Jacqueline de Jong, born in Hengelo, the Netherlands, is a Dutch painter, sculptor and graphic artist.
In 1957 she went to Paris, first working for Dior, studied French and attended an acting school. In 1958 she went to London, where she studied at the Guildhall School of Music and Drama. After her return to Amsterdam, she worked at Amsterdam's Stedelijk Museum until 1961. In Paris and London, she came into contact with the painter Asger Jorn, whose partner she became after a few years. Through Jorn and others, she came into contact with the Situationists, and in 1960 she joined this group as a member, taking part in conferences and working on the Central Committee. After the exclusion of Constant Nieuwenhuys and his group, she was entrusted with the Dutch section of the Situationists. However, she did not accept how the German group, known as Spur, was treated and withdrew. As the gap between the Debordists and the Second Situationist Internationale grew, she refused to join one of the factions and instead took the position that one should act as a Situationist. From 1962 to 1968, she edited the Situationist Times, on which Gaston Bachelard, Roberto Matta, Wifredo Lam and Jacques Prévert also collaborated. During the May riots of 1968, she printed posters and distributed them in Paris. In addition to her work for the S.I., de Jong is engaged in figurative painting and action painting.
De Jong left Paris in 1970 and returned to Amsterdam. She married the gallery owner Hans Brinkman and organized exhibitions and fairs. After her divorce from Brinkman in 1989, she lived together with the lawyer Thomas Weyland, who, among other things, was on the editorial board of the International Journal of Cultural Property (de Gruyter Berlin-New York), and whom she married in 1995 in Areopoli. Both gave frequent lectures on copyright and authors' rights. In 1996 they acquired a property in the Bourbonnais in the Massif Central of France. There she grew vegetables and potatoes, which she then developed into the "Potatoe language" in her art. In 2003 she was invited by Jennifer Tee to an exhibition at the Van Abbemuseum in Eindhoven, then she was invited by Roberto Ohrt to an exhibition Baked Potatoes in 2006 and from 2008 to 2011 to a design exhibition Pommes de Jong in Albisola.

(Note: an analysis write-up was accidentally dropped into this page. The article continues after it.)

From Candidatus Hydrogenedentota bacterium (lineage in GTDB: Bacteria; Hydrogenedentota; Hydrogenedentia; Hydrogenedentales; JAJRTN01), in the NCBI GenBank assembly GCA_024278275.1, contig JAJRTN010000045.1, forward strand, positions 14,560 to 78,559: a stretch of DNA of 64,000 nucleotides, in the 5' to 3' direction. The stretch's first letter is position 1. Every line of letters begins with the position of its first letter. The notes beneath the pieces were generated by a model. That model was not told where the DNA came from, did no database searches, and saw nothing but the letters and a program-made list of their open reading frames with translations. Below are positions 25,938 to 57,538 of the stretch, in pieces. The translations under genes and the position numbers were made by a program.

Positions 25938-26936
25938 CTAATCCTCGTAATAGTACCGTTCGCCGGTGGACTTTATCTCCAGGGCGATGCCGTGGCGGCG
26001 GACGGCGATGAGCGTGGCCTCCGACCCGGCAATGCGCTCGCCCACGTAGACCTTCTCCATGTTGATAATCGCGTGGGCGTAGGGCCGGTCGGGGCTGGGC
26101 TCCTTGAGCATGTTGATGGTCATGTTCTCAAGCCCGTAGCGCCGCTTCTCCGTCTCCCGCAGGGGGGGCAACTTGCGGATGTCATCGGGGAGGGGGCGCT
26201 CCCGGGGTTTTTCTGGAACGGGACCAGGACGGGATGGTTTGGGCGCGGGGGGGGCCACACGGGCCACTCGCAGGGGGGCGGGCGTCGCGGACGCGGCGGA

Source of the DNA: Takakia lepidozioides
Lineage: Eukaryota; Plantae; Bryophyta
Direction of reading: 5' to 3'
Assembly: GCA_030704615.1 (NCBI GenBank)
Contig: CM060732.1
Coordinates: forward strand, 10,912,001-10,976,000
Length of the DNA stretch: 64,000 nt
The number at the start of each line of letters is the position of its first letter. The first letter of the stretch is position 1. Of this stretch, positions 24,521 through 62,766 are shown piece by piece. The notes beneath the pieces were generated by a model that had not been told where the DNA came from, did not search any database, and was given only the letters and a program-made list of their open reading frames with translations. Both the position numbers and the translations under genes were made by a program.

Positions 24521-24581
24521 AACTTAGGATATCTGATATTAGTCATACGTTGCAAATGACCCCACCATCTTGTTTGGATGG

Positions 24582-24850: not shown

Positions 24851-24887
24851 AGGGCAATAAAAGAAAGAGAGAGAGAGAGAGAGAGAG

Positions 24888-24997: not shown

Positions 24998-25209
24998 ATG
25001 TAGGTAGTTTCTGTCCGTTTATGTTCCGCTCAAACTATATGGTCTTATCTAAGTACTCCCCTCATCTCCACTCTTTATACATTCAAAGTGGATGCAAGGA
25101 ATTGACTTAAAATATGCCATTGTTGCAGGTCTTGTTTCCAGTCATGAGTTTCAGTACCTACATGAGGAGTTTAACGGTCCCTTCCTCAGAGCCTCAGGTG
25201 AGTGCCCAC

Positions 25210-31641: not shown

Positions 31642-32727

In 2003 the Cobra Museum in Amstelveen showed her work in a retrospective exhibition, which was also taken over by the KunstCentret Silkeborg Bad in Denmark. In 2009, together with Thomas Weyland, she established the Weyland De Jong Foundation, whose main aim is to support avant-garde artists over 50 years old from all disciplines, from architecture to art studies.
In 2012 she had an exhibition at the Moderna Museet in Stockholm. Her extensive archive was purchased by Beinecke Rare Book and Manuscript Library, Yale University USA ("The de Jong Papers") in 2011 and in 2019 the Stedelijk Museum in Amsterdam showed a major retrospective of her work under the title Pinball Wizzard.